UK services 'press pause' on growth

5 April 2016

UK services growth picked up slightly last month but so far this year the sector has shown the lowest output expansion since 2013, according to figures.

The Markit/CIPS UK Services Purchasing Managers’ Index, where readings above 50 signal growth and below 50 indicate a contraction – rose to 53.7 in March, from a 35-month low of 52.7 in February.

However, growth in the first three months of 2016 was the weakest since quarter one in 2013. 

Global economic uncertainty and the upcoming referendum on EU membership were cited as factors negatively impacting on the sector’s expectations. Employment in the sector continued to rise, but at a rate that was similar to February’s recent low, according to the figures.

New business increased at the slowest rate since January 2013, the data showed. 

In March average input prices rose at the fastest rate since September 2014, impacted by higher labour costs, rents and fuel prices. However, input price inflation remained below the long-run survey average. Prices charged by service providers rose at the fastest rate in over two years.

Growth in the sector will remain sluggish moving into the second quarter of the year, according to the research, and optimism in the service sector was among the weakest registered over the past three years.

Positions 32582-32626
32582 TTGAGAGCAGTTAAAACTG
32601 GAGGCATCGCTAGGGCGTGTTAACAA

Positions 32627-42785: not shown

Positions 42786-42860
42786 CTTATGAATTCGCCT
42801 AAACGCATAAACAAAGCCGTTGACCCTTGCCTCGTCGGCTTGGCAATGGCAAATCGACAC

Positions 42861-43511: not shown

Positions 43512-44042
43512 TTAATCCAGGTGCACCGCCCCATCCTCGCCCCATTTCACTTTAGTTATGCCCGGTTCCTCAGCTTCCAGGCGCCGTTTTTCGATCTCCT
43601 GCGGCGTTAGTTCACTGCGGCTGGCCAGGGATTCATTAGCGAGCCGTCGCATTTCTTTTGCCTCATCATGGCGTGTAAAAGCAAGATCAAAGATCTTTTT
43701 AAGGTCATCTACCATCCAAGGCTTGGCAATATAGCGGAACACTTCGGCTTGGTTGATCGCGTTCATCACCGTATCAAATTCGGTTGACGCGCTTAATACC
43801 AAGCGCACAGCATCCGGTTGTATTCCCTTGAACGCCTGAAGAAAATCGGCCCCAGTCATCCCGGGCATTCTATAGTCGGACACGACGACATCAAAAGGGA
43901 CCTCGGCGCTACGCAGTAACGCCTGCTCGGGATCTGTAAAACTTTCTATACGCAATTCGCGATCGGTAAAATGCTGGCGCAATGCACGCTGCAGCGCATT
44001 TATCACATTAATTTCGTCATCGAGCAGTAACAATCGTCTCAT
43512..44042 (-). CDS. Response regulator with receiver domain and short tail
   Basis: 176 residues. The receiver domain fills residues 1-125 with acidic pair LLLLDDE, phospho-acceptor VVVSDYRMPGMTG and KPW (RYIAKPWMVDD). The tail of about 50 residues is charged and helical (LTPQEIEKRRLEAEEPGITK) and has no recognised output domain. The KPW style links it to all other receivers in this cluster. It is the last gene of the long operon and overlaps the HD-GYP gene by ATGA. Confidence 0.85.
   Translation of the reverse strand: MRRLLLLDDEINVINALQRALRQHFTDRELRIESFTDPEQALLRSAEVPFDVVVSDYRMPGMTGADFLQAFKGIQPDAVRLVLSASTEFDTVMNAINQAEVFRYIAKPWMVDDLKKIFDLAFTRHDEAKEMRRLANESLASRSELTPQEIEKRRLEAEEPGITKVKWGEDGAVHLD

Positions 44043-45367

Chris Williamson, chief economist at Markit, said the upturn in the rate of service sector growth in March was not enough to stop the PMI surveys collectively indicating a slowdown in economic growth in the first quarter. The surveys pointed to a 0.4% increase in GDP, down from 0.6% in the final quarter of last year.

“Business confidence remains in the doldrums as concerns about the global economy continue to be exacerbated by uncertainty at home, with nerves unsettled by issues such as Brexit and the prospect of further government spending cuts announced in the Budget,” said Williamson.

David Noble, group CEO, CIPS, said the sector seemed to have pressed “pause” on significant progress during March.

“Though the index was still in positive territory, the impact of increased competition, uncertainty over Brexit and new buy-to-let and stamp duty rules possibly cooling the housing market, showed that there was less appetite for a more robust response in activity,” he said.

“Business optimism remained relatively subdued, showing that current caution and hesitancy to commit to larger investments is having some effect on the sector.”

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